I’ve learned over two years of motherhood that time is both your best friend and your worst enemy.
It will erase all traces of the virus that has forced you to fearfully watch your baby cough out a lung as he sleeps next to you on the couch.
It will eventually bring the teeth that have been working their way through your baby’s gums, resulting in him eating and sleeping poorly.
It will see him master a new skill, like holding his bottle, using a fork or throwing a ball.
But time will also someday make your child no longer feel the need to snuggle on the couch before bed and in the early morning.
It will erase his need to instinctively clutch you close when he’s scared.
Someday, enough time will have passed that he will no longer chirp “Mama, mama!” when he wants to show you the block tower he made or the basket he dunked on the little basketball hoop hanging very low from the entryway closet.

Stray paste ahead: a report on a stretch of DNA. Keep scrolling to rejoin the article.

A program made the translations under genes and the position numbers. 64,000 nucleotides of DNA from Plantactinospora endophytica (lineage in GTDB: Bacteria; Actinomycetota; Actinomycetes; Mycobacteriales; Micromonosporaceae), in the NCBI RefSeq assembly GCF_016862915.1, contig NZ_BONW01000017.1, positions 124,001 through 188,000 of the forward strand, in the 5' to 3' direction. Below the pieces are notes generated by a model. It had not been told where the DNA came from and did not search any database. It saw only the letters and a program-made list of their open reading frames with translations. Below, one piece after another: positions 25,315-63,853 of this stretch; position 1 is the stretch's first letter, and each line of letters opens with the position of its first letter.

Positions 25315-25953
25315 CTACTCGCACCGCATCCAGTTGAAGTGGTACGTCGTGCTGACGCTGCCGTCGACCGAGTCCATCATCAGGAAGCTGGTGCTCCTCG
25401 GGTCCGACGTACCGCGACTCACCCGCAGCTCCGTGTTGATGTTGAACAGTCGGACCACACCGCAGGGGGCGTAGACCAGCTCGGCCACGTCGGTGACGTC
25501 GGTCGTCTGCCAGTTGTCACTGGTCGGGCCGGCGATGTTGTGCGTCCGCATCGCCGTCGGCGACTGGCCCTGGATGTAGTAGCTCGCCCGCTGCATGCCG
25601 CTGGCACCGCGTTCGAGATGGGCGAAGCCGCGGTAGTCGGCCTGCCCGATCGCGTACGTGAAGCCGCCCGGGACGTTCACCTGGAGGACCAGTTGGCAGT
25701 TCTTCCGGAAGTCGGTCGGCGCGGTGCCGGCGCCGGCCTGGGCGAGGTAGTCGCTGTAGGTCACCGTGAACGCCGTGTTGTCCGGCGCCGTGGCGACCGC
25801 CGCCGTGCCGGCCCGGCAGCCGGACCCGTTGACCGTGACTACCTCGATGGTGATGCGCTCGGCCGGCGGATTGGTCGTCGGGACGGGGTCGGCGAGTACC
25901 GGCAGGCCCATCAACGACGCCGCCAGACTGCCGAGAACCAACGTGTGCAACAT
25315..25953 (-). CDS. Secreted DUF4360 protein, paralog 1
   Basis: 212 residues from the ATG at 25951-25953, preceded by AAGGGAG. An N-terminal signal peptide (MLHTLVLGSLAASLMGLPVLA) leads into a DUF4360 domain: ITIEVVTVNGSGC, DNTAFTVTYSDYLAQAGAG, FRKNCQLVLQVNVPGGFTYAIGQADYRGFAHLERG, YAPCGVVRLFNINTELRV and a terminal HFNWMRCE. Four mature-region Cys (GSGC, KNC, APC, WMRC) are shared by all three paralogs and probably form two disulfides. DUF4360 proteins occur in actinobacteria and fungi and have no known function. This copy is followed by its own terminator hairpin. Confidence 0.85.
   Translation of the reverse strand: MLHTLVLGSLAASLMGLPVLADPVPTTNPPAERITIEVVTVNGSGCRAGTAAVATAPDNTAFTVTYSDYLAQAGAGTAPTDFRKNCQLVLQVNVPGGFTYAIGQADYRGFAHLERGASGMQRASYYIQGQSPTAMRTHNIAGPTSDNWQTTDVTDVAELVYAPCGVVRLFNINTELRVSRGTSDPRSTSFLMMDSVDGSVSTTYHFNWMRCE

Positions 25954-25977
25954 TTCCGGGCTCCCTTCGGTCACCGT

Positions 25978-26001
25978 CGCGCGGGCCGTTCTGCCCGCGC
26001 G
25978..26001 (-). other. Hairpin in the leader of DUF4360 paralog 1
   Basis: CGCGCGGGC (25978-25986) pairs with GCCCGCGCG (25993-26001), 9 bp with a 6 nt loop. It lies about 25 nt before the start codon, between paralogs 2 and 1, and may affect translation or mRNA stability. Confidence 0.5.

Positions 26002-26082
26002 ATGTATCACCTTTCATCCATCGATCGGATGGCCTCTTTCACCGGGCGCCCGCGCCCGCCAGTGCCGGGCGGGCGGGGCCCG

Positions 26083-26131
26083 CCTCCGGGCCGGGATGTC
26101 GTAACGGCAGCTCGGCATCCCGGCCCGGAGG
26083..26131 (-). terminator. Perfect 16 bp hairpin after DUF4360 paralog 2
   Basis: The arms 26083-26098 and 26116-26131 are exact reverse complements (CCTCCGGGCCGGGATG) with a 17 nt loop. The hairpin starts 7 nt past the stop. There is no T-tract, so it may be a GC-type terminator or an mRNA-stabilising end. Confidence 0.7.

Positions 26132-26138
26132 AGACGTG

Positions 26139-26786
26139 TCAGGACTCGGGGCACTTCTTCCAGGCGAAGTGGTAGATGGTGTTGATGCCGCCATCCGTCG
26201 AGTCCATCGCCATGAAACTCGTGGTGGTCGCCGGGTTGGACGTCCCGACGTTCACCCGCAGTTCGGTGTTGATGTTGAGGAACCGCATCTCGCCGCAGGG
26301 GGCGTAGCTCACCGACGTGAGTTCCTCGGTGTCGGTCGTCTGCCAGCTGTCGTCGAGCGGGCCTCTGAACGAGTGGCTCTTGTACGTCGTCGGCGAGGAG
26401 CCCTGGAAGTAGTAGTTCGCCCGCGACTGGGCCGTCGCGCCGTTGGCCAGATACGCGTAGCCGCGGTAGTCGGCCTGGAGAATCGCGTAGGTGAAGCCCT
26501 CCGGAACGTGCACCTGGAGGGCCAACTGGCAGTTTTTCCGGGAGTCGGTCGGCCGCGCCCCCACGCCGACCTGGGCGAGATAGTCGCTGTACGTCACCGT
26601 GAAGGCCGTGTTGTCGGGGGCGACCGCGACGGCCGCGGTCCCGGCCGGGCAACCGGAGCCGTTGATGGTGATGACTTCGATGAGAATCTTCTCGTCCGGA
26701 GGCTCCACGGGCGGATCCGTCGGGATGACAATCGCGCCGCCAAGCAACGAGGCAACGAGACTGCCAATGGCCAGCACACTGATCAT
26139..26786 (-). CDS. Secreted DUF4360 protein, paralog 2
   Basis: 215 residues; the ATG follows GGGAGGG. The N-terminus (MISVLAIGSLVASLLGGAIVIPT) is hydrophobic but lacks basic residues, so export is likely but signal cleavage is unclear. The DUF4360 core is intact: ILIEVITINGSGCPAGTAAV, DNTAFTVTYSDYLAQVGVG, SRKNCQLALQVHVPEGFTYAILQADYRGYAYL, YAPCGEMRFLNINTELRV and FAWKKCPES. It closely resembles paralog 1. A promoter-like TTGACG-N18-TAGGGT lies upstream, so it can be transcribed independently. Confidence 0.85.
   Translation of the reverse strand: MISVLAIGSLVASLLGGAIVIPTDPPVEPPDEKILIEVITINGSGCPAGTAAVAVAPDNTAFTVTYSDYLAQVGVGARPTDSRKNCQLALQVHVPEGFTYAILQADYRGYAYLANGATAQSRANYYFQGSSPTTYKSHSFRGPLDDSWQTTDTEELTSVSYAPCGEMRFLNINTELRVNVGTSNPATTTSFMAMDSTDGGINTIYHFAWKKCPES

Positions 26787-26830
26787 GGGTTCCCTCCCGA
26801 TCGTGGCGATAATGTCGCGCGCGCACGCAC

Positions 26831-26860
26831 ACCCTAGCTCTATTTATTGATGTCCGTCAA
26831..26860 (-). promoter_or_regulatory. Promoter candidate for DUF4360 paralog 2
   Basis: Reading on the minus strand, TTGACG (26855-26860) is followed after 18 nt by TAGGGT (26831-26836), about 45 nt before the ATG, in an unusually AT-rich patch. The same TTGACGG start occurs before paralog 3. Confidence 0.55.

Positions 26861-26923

Childhood is a wonder while you live it and bittersweet when you watch it from 20-something years beyond.
All the new things my son says and does, seemingly on a daily basis at this point, could never be done justice in the pages of a baby book. When he’s grown, the wet feeling of his messy kisses, his tiny hand in mine, his delicate eyelashes fluttering on my face when he’s up close won’t be recalled in their beautiful essence until he has a child of his own, who will likely be my first grand baby.
Right now, time is still my best friend, and I will strive to be present in each moment terrible and wonderful, and hope that the most beautiful ones embed themselves not in an Instagram photo, a blog post or a piece of hand print art work, but in my very being for all my days left on Earth, and maybe even after.